My article about the carryover effect of the housing crisis on school districts appeared in Scholastic Administrator magazine. Scholastic Administrator is a must-read resource for 240,000 of today's school leaders. My article on fiscal trouble in school districts reported on the real-life impact of the current financial crisis and how leaders in education are dealing with the situation.
On LinkedIn recently, Logan Kugler, a freelance writer, asked “What do editors want?”
There were many good answers, but one that I felt hit the mark best was left by Owen Linderholm, an editorial director. He said, “…doesn’t matter how good a writer you are if what you say is crap.” This was especially true, Owen said, for writers specializing in the trade end of the market, especially in technology and business.
He’s right. Accuracy, above all else, is critical. And it dovetails with the next most important aspect of pleasing an editor: the ability to break down and explain complex issues and topics. From my experience, these are the two factors that differentiate technology and business journalists from generalists who write on too wide a range of subject matter. In very complex areas, experience and expertise matter.
Mechatronics will pave the way for 90 percent of tomorrow's vehicle innovations. Today, however, the one million lines of mechatronics code embedded in the average vehicle accounts for up to 35 percent of the quality problems and 55 percent of the repair costs. With the number of lines of mechantronics code expected to grow 50 to 100 times in the next few years, the question on the minds of automakers is what can be done to address quality problems associated with mechatronics. My article in the January issue of Managing Automation explores the technology solutions being proposed by PLM vendors to address the problem.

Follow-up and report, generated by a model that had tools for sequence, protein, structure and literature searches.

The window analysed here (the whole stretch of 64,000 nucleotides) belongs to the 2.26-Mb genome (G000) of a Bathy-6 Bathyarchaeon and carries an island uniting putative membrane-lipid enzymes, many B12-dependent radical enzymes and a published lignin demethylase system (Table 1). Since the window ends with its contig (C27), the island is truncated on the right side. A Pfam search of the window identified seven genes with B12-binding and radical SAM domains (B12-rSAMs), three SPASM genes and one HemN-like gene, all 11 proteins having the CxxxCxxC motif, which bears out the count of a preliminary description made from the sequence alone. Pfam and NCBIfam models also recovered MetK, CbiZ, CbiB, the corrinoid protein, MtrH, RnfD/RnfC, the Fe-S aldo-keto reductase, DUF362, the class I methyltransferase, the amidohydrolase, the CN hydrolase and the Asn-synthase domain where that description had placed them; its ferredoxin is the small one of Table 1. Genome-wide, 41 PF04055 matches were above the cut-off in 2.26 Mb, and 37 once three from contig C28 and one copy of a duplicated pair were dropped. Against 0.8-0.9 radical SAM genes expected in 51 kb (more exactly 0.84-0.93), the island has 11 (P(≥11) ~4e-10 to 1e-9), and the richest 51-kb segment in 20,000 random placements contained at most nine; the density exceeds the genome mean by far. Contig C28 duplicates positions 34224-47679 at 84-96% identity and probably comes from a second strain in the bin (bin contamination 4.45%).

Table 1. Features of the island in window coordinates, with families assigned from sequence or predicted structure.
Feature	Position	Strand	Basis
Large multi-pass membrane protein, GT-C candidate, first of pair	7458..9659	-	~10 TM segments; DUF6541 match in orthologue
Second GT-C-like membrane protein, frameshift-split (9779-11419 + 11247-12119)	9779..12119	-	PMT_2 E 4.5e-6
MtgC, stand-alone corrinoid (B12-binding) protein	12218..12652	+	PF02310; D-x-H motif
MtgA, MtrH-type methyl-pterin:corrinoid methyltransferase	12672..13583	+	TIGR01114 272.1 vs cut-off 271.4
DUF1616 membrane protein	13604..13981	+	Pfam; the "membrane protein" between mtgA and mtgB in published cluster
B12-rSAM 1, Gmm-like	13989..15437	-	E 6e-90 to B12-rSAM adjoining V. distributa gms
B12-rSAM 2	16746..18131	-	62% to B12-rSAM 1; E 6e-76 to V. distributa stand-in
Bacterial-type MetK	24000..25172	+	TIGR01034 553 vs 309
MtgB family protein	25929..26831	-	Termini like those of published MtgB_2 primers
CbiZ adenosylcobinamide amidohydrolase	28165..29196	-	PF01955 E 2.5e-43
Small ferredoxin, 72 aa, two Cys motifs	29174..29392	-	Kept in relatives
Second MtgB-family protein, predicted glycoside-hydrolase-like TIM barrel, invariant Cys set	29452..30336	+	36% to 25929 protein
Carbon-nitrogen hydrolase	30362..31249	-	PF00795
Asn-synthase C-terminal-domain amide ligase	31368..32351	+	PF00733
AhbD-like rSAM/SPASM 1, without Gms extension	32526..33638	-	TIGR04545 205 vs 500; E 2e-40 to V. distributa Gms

My article on Curves' use of radio frequency identification (RFID) technology in their fitness centers recently appeared in the online edition of RFID Journal. This was my first feature for the magazine, which provides the latest RFID news and information. RFID Journal is a key resource for early adopters, RFID hardware, software and service providers, researchers and investors.
Animal by-products such as fats and oils are usually a waste product with a related disposal issue, but they can be converted into a renewable fuel. In a recent issue of Renewable Energy World (REW), I reported on one U.S. meat processing company's efforts to explore the commercial development of animal-based bio-diesel.
This was my first feature for REW magazine, which is witten for professionals in industry, policy, utilities, finance, etc. The magazine has readers in more than 160 growing markets around the world.